The middle section of Animal Man is pretty varied in content. It has a few stand alone issues, a few three or four issue arcs, and one big arc that runs through it all. There’s some meta-fictional stuff, a few superhero stories, and a couple issues just about Buddy’s domestic life. Some of the issues are very good; one or two are bad. I’m saving the discussion about meta-fiction for the last entry, and what I’d like to talk about here is one of the many things that makes Animal Man and Buddy Baker unique: the series’ and the character’s interest in animal rights.
I’ve talked briefly about how the sort of problems that a conventional superhero can deal with are quite limited. In most cases, they are really only concerned with supervillains; the occasion natural disaster; personal problems; and professional problems. While it does happen, only rarely does an author try to set Superman against world hunger, nuclear armament, institutional racism, or global warming. Those just aren’t the kind of problems superheroes can address because, well, those aren’t the kind of problems a single person can fix, no matter how powerful or genuinely good he may be. It’s very telling that what may be the most popular conservationist cartoon of all time, Captain Planet, has its environmentalists fighting environmental menaces in the form of evil supervillains. Faceless and amoral corporations are much harder to deal with.
Animal abuse is such a problem, and Morrison makes Buddy an animal rights activist. It’s an interesting and bold choice that, judging from the letters columns, was controversial. Buddy’s take on animal rights is like Buddy himself – well meaning and simplistic, though it evolves over the course of the series. It’s formulation in issue 6 is primitive:
What makes a human being more important than a rat? Well, provided that we agree on what “important” means, there are a lot of criteria we could come up with: intelligence; the capacity for changing the environment; the capacity for suffering. But Buddy doesn’t think about things like this. I really don’t think it’s because he’s intellectually dishonest. Rather, I think it’s because he isn’t particularly thoughtful or self-aware. However well-meaning he is, he’s always in the dark about the important things and unable to figure them out in time: that B’wana Beast, for instance, isn’t really the true threat (the scientist experimenting on animals and creating the weaponized strain of anthrax was; or, even more importantly, the hunters threatening Buddy’s family at home while he was off adventuring). Or, for that matter, what the Coyote Gospel was all about.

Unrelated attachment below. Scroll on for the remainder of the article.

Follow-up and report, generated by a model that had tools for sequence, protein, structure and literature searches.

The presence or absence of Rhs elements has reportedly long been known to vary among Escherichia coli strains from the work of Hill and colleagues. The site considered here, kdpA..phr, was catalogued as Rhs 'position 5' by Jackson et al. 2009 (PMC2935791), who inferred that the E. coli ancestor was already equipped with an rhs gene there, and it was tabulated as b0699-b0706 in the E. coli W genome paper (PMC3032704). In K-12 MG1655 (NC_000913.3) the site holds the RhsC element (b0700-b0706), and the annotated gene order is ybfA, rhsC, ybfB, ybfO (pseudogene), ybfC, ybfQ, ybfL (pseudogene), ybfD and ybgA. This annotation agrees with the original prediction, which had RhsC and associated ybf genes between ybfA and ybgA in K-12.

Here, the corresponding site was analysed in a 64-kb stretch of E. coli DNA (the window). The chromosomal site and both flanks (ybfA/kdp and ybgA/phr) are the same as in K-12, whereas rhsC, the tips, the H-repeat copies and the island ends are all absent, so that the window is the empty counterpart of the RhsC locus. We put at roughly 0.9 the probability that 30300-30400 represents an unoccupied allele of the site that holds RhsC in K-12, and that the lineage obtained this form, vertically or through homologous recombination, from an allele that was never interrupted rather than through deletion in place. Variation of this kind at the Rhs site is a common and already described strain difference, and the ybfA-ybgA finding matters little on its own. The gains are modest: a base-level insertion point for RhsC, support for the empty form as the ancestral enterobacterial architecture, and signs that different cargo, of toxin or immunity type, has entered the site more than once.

Another formulation in issue 5 in support of his world view is more robust.
Here, his argument isn’t based on importance or the relative worth of a human and a rat. It’s based on something more straightforward: animals are unnecessarily subjected to pain in order that we may indulge ourselves with meat. If meat is just an indulgence and it causes unnecessary pain to animals, sure, it may be unethical to eat it. This leaves the door open, of course, to the possibility that eating the meat of animals that were ethically treated isn’t wrong. But Buddy, of course, doesn’t think of that.
The last major argument Ι think he makes is in issue 17. He catches his son eating a hamburger, and he argues: